This led to a series of emetically worshipful outbursts from commentators John Harkes and JP Dellacamera, raising Beckham’s achievements to almost god-like level. “If you’re open for a second, Beckham will find you,” was JP’s absurdity, while Harkes chimed in with “his vision and his ideas are unreal” -- that sort of idolatry is maybe OK once in a while, but this went on through out the game. (And my congratulations to Coach Bruce Arena, who in a postgame interview in which Rob Stone was trying to get him to single out Beckham as the evening’s star, simply remarked that “it was the whole team tonight.”)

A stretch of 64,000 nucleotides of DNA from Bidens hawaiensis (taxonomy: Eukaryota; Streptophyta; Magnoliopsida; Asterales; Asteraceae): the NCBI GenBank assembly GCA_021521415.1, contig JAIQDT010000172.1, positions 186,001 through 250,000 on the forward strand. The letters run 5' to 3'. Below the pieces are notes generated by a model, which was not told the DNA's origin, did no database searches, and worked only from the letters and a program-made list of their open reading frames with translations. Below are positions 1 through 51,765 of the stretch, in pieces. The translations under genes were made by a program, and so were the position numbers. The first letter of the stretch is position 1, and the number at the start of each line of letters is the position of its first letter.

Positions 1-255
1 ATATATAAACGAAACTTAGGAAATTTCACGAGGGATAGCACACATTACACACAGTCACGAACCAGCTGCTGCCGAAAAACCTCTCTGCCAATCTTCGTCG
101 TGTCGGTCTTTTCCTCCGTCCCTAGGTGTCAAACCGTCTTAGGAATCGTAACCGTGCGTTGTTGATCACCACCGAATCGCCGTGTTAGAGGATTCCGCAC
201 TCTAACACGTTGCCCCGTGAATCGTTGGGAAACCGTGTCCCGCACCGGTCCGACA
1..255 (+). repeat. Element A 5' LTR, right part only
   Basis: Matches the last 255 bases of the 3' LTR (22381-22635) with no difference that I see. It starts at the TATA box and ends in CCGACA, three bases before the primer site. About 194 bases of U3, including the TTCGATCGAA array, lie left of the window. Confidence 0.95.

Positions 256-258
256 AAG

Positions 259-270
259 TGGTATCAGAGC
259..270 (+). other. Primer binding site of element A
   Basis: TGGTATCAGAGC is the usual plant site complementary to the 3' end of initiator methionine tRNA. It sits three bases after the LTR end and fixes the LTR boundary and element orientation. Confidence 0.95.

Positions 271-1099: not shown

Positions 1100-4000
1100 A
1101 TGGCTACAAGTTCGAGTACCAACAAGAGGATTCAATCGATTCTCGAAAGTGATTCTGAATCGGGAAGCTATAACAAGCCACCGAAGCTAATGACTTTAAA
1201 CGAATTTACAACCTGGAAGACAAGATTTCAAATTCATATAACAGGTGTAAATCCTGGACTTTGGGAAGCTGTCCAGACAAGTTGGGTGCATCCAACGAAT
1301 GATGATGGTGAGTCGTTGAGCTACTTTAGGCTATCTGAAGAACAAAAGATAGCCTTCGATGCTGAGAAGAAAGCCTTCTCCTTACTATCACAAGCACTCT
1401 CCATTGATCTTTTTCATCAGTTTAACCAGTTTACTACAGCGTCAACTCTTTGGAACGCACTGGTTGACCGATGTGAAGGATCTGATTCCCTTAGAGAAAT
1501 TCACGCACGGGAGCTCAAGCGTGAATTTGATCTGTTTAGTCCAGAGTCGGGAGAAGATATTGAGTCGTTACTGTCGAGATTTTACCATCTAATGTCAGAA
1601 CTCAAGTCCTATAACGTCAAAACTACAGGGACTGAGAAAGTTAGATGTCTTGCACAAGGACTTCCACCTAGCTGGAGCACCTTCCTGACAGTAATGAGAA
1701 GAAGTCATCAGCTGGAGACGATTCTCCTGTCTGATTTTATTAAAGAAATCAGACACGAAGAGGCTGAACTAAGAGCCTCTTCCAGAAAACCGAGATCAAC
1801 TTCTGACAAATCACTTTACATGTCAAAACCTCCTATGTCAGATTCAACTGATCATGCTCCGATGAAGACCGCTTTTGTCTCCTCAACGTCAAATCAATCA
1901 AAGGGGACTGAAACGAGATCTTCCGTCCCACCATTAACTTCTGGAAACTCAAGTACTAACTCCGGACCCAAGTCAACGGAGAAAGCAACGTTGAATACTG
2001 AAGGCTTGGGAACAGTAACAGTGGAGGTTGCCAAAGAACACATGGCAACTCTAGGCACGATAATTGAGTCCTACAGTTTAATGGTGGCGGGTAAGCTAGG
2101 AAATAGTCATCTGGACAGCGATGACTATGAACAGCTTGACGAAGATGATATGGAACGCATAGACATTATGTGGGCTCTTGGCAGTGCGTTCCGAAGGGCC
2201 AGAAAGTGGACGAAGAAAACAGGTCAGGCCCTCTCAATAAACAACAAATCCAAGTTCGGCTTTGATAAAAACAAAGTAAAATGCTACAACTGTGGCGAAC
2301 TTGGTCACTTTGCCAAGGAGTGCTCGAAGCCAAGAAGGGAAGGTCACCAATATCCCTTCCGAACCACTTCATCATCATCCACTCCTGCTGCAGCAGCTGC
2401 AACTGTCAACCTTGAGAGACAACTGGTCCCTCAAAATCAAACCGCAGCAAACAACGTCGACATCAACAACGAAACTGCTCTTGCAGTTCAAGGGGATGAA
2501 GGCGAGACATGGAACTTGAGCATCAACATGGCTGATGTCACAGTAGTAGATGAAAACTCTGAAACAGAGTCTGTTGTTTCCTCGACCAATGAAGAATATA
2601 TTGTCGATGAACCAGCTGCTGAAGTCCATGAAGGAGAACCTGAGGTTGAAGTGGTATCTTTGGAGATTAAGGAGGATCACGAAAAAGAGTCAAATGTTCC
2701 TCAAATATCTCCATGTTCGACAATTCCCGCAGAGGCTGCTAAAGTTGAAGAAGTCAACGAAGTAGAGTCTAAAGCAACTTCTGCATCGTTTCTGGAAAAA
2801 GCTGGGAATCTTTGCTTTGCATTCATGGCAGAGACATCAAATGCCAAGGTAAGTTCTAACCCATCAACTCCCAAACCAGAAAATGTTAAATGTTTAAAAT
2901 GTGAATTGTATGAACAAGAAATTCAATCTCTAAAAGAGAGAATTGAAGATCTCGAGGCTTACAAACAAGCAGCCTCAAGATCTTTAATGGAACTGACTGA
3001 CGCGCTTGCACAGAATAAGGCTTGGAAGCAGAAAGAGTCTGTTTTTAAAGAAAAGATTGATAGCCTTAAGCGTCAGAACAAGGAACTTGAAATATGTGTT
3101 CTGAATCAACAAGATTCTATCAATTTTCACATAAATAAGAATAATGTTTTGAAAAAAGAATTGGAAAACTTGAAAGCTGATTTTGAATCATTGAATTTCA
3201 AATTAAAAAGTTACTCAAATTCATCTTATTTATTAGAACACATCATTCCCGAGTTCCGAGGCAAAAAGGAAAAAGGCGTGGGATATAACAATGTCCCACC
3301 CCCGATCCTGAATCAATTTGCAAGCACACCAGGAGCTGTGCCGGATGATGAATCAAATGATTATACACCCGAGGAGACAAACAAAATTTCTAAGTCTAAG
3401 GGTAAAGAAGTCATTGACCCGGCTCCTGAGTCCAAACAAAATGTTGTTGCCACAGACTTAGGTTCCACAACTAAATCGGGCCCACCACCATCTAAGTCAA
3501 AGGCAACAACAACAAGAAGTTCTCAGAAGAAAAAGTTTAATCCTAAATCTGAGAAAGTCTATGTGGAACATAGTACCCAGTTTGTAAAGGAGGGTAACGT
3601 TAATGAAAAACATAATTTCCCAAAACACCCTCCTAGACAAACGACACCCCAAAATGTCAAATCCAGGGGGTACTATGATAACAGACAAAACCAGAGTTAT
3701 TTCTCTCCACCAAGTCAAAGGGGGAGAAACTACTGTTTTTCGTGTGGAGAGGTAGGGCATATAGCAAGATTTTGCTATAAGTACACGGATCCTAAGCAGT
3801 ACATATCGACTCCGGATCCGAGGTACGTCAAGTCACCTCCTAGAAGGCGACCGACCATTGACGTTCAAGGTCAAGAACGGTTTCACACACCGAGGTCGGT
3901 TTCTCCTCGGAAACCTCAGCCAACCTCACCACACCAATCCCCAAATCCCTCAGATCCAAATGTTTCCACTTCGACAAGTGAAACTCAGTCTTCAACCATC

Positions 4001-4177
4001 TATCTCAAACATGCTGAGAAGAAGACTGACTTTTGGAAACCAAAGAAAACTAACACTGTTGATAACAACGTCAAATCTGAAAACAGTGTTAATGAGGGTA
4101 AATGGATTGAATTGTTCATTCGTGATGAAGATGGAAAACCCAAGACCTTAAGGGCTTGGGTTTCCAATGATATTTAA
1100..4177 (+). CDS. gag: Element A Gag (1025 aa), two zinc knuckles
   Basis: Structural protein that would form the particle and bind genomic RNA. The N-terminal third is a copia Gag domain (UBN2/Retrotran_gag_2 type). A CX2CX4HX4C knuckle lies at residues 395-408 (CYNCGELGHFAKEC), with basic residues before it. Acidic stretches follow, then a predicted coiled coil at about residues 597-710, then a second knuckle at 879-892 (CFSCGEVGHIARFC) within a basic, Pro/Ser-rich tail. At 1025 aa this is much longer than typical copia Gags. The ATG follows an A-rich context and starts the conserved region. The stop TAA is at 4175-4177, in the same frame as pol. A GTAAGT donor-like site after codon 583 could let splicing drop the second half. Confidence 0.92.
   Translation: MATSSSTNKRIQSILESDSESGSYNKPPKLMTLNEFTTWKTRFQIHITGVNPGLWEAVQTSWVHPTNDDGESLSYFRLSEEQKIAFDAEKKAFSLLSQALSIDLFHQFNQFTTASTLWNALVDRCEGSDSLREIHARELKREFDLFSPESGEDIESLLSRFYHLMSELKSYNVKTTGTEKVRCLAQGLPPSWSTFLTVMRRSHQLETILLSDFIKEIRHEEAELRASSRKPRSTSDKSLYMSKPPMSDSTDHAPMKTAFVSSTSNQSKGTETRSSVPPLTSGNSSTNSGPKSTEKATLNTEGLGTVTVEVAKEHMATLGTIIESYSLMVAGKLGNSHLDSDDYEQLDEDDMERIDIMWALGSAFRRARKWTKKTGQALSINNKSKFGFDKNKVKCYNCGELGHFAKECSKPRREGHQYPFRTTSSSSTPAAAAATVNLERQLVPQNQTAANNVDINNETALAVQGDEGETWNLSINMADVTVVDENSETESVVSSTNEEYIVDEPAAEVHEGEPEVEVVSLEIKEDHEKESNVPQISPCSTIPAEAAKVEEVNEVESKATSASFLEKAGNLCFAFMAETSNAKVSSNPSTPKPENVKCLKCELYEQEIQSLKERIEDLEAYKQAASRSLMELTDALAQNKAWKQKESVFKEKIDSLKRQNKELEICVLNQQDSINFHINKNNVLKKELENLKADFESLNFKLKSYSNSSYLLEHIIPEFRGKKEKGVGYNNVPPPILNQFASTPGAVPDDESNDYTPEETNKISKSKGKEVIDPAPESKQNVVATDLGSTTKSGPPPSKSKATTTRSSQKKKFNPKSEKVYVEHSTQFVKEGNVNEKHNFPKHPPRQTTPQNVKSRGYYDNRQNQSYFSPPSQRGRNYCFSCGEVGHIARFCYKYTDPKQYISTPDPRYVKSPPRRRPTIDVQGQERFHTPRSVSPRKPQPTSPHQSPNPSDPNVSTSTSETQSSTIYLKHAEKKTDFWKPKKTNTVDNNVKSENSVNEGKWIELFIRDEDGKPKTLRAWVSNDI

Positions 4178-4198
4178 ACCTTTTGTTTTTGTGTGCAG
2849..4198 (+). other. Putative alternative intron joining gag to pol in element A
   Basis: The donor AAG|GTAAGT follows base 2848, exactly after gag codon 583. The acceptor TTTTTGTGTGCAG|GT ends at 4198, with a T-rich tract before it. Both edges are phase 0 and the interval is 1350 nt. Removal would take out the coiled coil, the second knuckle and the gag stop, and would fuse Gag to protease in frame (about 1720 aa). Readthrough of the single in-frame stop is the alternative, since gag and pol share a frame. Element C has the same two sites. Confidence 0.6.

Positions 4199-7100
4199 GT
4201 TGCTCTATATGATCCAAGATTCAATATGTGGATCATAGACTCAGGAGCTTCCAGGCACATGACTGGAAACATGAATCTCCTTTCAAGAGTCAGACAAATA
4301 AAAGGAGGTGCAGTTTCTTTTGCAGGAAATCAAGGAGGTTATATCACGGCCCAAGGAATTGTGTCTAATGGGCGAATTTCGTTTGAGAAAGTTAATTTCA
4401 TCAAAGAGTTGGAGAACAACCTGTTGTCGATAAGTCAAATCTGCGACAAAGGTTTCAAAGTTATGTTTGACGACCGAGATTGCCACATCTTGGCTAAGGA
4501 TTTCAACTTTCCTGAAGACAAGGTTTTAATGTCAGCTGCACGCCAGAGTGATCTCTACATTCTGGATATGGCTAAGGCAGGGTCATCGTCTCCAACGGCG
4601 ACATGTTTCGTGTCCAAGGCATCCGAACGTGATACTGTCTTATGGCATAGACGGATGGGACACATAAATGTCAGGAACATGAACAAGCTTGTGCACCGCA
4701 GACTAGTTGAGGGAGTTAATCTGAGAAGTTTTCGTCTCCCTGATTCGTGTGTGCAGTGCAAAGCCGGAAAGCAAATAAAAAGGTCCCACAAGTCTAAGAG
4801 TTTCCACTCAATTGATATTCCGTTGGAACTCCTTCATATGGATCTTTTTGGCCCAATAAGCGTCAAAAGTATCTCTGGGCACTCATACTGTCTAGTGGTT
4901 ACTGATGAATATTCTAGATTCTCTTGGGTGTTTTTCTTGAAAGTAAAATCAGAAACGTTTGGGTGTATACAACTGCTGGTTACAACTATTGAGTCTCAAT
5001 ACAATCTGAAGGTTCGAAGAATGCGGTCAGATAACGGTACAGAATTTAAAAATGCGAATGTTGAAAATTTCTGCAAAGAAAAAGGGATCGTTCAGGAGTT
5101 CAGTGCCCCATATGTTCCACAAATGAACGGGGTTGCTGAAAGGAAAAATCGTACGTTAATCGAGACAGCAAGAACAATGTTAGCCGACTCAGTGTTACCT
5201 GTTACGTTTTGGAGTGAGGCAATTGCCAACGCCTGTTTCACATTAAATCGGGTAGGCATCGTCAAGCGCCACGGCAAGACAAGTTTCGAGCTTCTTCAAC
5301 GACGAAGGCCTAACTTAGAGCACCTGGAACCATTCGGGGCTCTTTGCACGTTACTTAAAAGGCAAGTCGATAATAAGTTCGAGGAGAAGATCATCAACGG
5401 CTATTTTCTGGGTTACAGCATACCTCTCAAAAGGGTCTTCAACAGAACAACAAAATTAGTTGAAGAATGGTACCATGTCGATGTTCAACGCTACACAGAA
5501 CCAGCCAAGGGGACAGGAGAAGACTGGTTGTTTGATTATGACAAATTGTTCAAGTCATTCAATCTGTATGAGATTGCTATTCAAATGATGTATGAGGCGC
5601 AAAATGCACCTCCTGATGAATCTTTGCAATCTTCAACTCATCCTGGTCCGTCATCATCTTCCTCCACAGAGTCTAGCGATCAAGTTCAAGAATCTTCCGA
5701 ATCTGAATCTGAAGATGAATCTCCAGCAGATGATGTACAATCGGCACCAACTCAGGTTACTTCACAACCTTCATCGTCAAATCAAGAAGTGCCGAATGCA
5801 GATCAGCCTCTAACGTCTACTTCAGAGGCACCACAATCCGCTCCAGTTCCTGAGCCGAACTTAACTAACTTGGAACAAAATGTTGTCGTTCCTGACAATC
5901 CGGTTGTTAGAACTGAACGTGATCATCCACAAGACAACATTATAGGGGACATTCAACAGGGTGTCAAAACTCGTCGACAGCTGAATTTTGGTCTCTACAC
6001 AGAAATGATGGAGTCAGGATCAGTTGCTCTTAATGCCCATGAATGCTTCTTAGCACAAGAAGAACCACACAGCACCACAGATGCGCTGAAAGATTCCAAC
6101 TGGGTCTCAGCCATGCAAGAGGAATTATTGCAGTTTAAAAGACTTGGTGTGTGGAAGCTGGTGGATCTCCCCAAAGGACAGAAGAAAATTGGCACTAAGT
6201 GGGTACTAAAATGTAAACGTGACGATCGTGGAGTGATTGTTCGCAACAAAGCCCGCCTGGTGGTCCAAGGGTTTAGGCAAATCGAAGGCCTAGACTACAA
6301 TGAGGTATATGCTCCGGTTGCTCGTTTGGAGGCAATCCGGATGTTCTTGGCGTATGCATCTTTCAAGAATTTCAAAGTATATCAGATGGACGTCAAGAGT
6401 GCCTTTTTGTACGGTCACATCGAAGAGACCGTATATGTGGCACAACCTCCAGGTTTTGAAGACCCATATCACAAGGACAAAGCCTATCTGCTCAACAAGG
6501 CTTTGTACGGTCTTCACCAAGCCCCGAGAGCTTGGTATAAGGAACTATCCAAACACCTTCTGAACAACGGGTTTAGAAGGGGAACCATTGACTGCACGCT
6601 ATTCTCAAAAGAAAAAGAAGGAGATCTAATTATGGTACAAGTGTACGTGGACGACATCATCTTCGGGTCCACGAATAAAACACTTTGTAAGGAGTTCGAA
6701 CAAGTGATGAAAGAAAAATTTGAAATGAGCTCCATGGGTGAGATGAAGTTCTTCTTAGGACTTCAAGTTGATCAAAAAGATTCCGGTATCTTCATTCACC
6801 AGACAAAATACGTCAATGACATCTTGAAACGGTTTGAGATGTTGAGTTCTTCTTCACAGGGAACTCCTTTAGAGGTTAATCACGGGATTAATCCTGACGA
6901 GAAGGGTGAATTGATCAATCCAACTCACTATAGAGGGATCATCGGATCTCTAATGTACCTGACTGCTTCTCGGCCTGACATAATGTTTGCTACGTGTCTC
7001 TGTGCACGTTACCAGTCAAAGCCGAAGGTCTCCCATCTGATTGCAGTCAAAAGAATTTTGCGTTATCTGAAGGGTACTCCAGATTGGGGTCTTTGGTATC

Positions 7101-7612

What Beckham did was to deliver a perfectly ordinary corner kick that Buddle turned into a goal, mainly because he was unmarked and didn’t even have to jump -- his header, incidentally, bounced once before going into the net. After that, Beckham did send over a wonderful free kick, which Omar Gonzalez converted with a terrific diving header -- a great moment of soccer skill from both players. Dema Kovalenko, it is pleasing to report, had a subdued game, while even Landon Donovan had his quiet periods.
The Galaxy vs. Dallas game coming up has possibilities -- mostly from what Dallas offers. At the moment, there is no reason to expect anything other than more professionalism from the Galaxy, plus the Beckham set plays. From the other game, San Jose-Colorado, I expect little -- and if there is anything worth appreciating, it will come from the underrated San Jose, not from the banalities of Colorado. But I’m afraid it looks like a Galaxy-Colorado final.